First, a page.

Ron Determann, director of plant conservation at Atlanta Botanical Garden, looks at Torreya taxifolia seedlings that sprouted from seed from the original genotypes in the garden's "potted orchard" that were produced in a series of different years. ABG is looking to distribute these and other seedlings (for free) to botanical and garden institutions who are interested in participating in the project to safeguard this highly endangered conifer native to northern Florida and southern Georgia.
An outdoor holding area for various-age seedlings, awaiting replanting in native FL and GA habitat or shipment to participating institutions. Notice the black net canopy to protect the seedlings from too much sunlight and heat.
Seedlings of Torreya taxifolia are sprinkled with lime (visible as white powder on soil surface) every 5 months or so, in order to guard against overly acidic soil conditions in which pathogens can get a hold. Notice that the pots are resting on outdoor soil, to encourage micorrhizal fungus associations.
Misting room in which Atlanta Botanical Garden roots branch cuttings from imperiled gymnosperms and other plants, including Torreya taxifolia and Florida yew (Taxus floridana).
In the misting room, a wide variety of gymnosperms and other plants are rooted from branch cuttings, such as those shown here. The "soil" matrix is white because it is made entirely of pumice, perlite, and ground-up sphagnum moss.
The outdoor "potted orchard" of pollen and seed producing specimens of Torreya taxifolia, which were rooted in 1991 from branch cuttings taken from individuals still growing in native, wild habitat of northern Florida and southern Georgia. Notice that the potted plants are kept outdoors, underneath the shade of mostly deciduous oaks. Orientation means that these trees are subject to direct sunlight during summer afternoons. ABG staff speculate that ideal aspect for Atlanta habitat for this species would provide morning sunlight and afternoon shade, to protect the trees from the worst summer heat. They also speculate that placement on a slope of well-drained soil would be ideal.
Even though this photo was taken in early December, male cones have already begun to form on branches of male T. taxifolia trees. Notice that the cones extend a ways down the branch stem.
Even though this photo was taken in early December, female cones have already begun to form on branches of female T. taxifolia trees. Notice that the cones form very close to the tip of the branchlet.
Photo L: Atlanta Botanical Garden uses mesh "cages" to surround and thus protect the growing seeds on female T. taxifolia trees from plundering squirrels. These hang on one of the specimens in the "potted orchard" depicted in Photo I.
Note: Atlanta Botanical Garden has to protect its ripening seeds from being harvested by squirrels because the seed-bearing plants are not "trees"; instead, they are sprawling shrubs, affording easy access to squirrels. The shrubby character of these seed-bearing Torreya specimens owe to the fact that they began as "rooted cuttings" of branchlets not seeds. And the "branch" that was rooted into a new main stem still "thinks" it is a branch on a mature tree, which induces it to begin producing seeds in perhaps a half dozen years of growth, rather than the normal several decades. The experience of Torreya Guardians harvesting seeds from mature trees in North Carolina is that squirrels cannot steal unripe seeds; the branches are too long, the leaves too prickly, and the seeds borne too far out on slim branches for any squirrel to be able to steal. Rather, the squirrels have to wait for the seeds to fall to the ground as ripe.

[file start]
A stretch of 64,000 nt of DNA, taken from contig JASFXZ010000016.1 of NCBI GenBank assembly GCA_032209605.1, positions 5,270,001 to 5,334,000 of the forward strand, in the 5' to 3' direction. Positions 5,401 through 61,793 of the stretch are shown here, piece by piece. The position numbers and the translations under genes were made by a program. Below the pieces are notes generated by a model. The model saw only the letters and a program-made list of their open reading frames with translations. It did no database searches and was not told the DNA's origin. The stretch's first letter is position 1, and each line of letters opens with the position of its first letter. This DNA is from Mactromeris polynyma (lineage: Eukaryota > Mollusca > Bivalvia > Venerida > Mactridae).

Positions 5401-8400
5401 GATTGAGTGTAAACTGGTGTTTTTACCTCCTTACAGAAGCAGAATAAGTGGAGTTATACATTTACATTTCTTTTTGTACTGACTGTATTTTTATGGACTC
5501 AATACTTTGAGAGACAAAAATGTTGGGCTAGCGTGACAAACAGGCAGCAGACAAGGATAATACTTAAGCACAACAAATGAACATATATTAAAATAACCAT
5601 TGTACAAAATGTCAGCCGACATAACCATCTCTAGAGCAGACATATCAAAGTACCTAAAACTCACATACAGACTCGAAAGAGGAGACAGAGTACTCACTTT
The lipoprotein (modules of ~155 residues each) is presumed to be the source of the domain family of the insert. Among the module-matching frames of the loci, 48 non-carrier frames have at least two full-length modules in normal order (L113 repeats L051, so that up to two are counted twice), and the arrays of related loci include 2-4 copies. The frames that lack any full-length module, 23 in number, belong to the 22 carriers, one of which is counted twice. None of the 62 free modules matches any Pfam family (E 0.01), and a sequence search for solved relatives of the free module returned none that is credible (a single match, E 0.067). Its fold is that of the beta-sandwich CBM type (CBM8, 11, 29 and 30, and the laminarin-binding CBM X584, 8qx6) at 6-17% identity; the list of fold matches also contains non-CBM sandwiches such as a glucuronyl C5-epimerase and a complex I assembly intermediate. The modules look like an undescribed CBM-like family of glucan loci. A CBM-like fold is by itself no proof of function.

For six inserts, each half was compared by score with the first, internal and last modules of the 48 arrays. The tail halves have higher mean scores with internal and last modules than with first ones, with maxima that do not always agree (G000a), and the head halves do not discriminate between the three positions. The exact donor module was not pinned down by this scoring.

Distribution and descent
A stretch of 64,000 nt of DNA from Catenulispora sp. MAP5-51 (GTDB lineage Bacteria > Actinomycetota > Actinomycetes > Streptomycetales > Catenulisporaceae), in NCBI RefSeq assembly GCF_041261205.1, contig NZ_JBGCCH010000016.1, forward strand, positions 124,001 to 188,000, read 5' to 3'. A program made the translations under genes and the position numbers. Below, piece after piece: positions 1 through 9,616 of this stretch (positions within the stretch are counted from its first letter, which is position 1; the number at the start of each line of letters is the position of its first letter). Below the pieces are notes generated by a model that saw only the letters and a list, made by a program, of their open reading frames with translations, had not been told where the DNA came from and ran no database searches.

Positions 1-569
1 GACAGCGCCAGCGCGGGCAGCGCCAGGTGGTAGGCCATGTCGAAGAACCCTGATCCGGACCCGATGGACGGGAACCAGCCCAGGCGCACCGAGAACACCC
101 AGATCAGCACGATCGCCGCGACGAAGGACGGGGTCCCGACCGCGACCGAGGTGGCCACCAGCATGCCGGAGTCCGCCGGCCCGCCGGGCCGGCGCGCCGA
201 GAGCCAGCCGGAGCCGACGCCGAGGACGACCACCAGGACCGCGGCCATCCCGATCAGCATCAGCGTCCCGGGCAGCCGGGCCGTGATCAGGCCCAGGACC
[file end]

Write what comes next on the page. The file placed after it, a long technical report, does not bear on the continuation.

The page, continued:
After the seed harvest, wire cages that protected the ripening seeds from squirrels are stored for next year's use.
One that got away: This seedling is growing right next to the fence in the "potted orchard" habitat. Because it is a volunteer, a squirrel must have gotten hold of a ripe seed, buried it, and failed to dig it up before germination the following spring.
This is one of the 1991 "mother plants" (rooted branch cuttings from wild stock) that was planted outdoors in the soil, rather than kept in pots. ABG would prefer to plant all such original genotype specimens in the soil, but space limitations means that most are consigned to spending their entire lives in large pots. For this reason, the 1991 "potted orchard" specimens that are still in pots (a) had their branches cut back in the summer of 2007, and (b) were "backed up" by cloning the harvested branches, thus to ensure that even if the original stems die, the exact genotypes are still available in a new generation of potted plants.
This is a close-up of the stems of the plant in Photo O above. Notice that no single vertical trunk is growing. This haphazard growth form is typical of specimens that began life as rooted branch cuttings. Only specimens that are grown from seed have the capability to develop trunks and grow into tall trees. The advantage of using rooted branch cuttings rather than seeds, however, is that rooted branch cuttings will themselves begin producing male or female cones much earlier than will specimens grown from seed.
Fabulous photos of a germinating Torreya seed at Arboretum de Villardbelle website.
Click left for a lengthy document of "best practices" for plant reintroduction practices in general
Click below for the 2012 "IUCN Guidelines for Reintroductions and Other Conservation Translocations". Note: This update of the guidelines makes a distinction between two forms of "translocations" that would be characterize conservation actions responsive to the ecological upsets of climate change:
ASSISTED COLONIZATION is the intentional movement and release of an organism outside its indigenous range to avoid extinction of populations of the focal species.
ECOLOGICAL REPLACEMENT is the intentional movement and release of an organism outside its indigenous range to perform a specific ecological function.